Constipated? Nine Natural Laxatives

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While constipation can be caused by many things, there are natural alternatives to relieve this uncomfortable and sometimes painful condition

Constipation is generally described as having fewer than three bowel movements per week or the passage of hard, dry stools. It affects nearly 16% of adults and 30% of those over 65.[i] The top 10 causes of constipation are:[ii]

Irritable bowel syndrome

Eating disorders

Lack of fiber

Too much dairy

Antacid medicines with aluminum hydroxide or calcium

Other medications such as antidepressants and blood pressure drugs

Overuse of laxatives and pain-relieving opioids

Illnesses such as Type 2 diabetes, Parkinson's Disease, Multiple ScelrosisHypothyroidism or Gastrointestinal Diseases

Stress

Pregnancy

The medical community agrees that the first treatments for alleviating constipation should be lifestyle changes -- plenty of water, exercise and fiber.[iii],[iv] Certain fiber-rich foods -- flaxseed, kiwi, psyllium and figs -- as well as probiotics and prebiotics have been found to be among the best natural laxatives.

1. Stay Hydrated

Water is essential to your body's natural functions. Dehydration can cause chronic constipation because if you don't have enough water in your body, the large intestine soaks up water from your food waste, which gives you hard stools that are difficult to pass.[v] In general, drink eight cups of water per day, but increase liquids during exercise and hot weather since you can easily get dehydrated.[vi]

2. Be Active

People who exercise regularly generally don't typically develop constipation. Exercise helps constipation by decreasing the time it takes food to move through the large intestine and lowers the amount of water your body absorbs from the stool, which affects the hardness of your stools.

Aerobic exercise accelerates your breathing and heart rate, which stimulates the natural squeezing of your intestinal muscles. So add a regular walking plan to help your digestive system function at its best and then consider aerobic exercises like running, jogging, swimming or bicycling and weight training to keep your muscles strong.[vii]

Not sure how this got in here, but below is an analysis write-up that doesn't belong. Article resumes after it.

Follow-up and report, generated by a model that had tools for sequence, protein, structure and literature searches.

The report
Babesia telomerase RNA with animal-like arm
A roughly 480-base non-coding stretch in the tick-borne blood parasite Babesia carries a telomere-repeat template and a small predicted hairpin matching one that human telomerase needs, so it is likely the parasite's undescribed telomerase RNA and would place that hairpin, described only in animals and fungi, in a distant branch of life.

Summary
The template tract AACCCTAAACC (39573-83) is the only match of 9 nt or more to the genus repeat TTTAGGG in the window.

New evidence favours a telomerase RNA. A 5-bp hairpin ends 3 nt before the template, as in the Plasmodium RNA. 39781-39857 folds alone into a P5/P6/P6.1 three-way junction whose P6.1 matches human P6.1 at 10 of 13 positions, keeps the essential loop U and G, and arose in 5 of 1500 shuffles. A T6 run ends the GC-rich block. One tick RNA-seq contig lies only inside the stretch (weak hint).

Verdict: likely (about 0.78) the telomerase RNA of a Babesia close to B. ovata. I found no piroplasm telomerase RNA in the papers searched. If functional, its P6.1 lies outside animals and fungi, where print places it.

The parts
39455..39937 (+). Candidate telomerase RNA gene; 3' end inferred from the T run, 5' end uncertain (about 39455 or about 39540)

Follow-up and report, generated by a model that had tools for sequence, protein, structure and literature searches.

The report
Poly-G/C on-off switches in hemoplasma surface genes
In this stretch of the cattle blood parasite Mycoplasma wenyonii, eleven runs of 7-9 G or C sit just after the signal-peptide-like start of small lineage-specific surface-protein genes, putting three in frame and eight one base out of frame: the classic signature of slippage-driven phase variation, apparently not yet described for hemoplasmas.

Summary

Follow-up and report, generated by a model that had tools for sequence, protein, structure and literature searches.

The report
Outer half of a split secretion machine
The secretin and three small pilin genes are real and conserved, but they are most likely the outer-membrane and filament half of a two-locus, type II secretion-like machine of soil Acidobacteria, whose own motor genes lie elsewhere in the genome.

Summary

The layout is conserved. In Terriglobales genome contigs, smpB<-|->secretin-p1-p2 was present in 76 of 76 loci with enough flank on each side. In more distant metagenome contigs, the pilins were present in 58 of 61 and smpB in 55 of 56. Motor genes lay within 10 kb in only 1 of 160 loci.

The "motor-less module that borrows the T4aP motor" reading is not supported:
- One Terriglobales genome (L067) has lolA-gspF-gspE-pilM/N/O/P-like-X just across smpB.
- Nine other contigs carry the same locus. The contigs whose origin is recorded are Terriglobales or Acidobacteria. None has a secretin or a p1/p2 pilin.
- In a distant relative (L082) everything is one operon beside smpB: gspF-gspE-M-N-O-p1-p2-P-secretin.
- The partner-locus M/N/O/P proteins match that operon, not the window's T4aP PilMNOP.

A total of nine randomized controlled trials involving 680 participants engaging inqigong, walking and physical movement exercises were reviewed and the results showed significant benefits of exercise for improving constipation symptoms.[viii] Increasing exercise to improve constipation may be more effective in older people, who tend to be more sedentary, than in younger people.[ix]

3. Eat High Fiber Foods

Nearly 95% of adults in America eat a low fiber diet.[x] One of the best and easiest ways to increase fiber is to be sure to have lots of whole fruits and vegetables in your diet. Typically, adults need between 20 and 25 grams of fiber a day depending on their age for their health.[xi]

Legumes such as chickpeas, lentils and beans are fiber-rich vegetables that help prevent constipation.[xii] Leafy greens like spinach, kale and cabbage are fiber-dense foods that also add magnesium, which keeps water in your stool, softening it and enabling quick movement through your system.[xiii] Fruit fiber found in berries, mango,[xiv] mulberry,[xv] peaches, apricots, prunes and raisins[xvi] increases your regularity and prevents constipation.[xvii]

4. Flaxseed

Flaxseed is a strong fiber that's a highly effective natural laxative. In a study of 53 constipated Type 2 diabetes patients who received 10 grams of flaxseed pre-mixed in cookies twice per day or placebo cookies for 12 weeks, the group eating flaxseed had improved constipation symptoms, weight and glycemic and lipid levels compared to the control group.[xviii]

In another study using either 10 grams of flaxseed or psyllium or a placebo in cookies, 77 constipated patients with Type 2 diabetes ate the cookies two times a day for 12 weeks. Both fiber groups --flaxseed and psyllium -- performed better than the placebo but flaxseed was superior in improving constipation, weight and glycemic and lipid control than the psyllium.[xix]

Randomly assigning 90 constipated subjects to either 50 grams per day of flaxseed flour with meals or 15 milliliters per day of a lactulose solution every morning for four weeks, the bowel habits in both groups significantly improved, but the flaxseed was more effective than the lactulose at improving bowel frequency, bowel movements and life quality for those with chronic functional constipation.[xx]

5. Kiwi Fruit

Recruiting 33 constipated patients and 20 healthy volunteers for a four-week treatment of kiwi fruit twice daily, kiwi fiber was found to effectively relieve chronic constipation, improve bowel habits and decrease the number of days laxatives were used.[xxi] A total of 32 participants were enrolled in a 16-week study with subjects receiving either three kiwifruits or 14.75 grams of Metamucil (five grams of dietary fiber) per day for four weeks followed by a four-week washout (baseline) between treatments.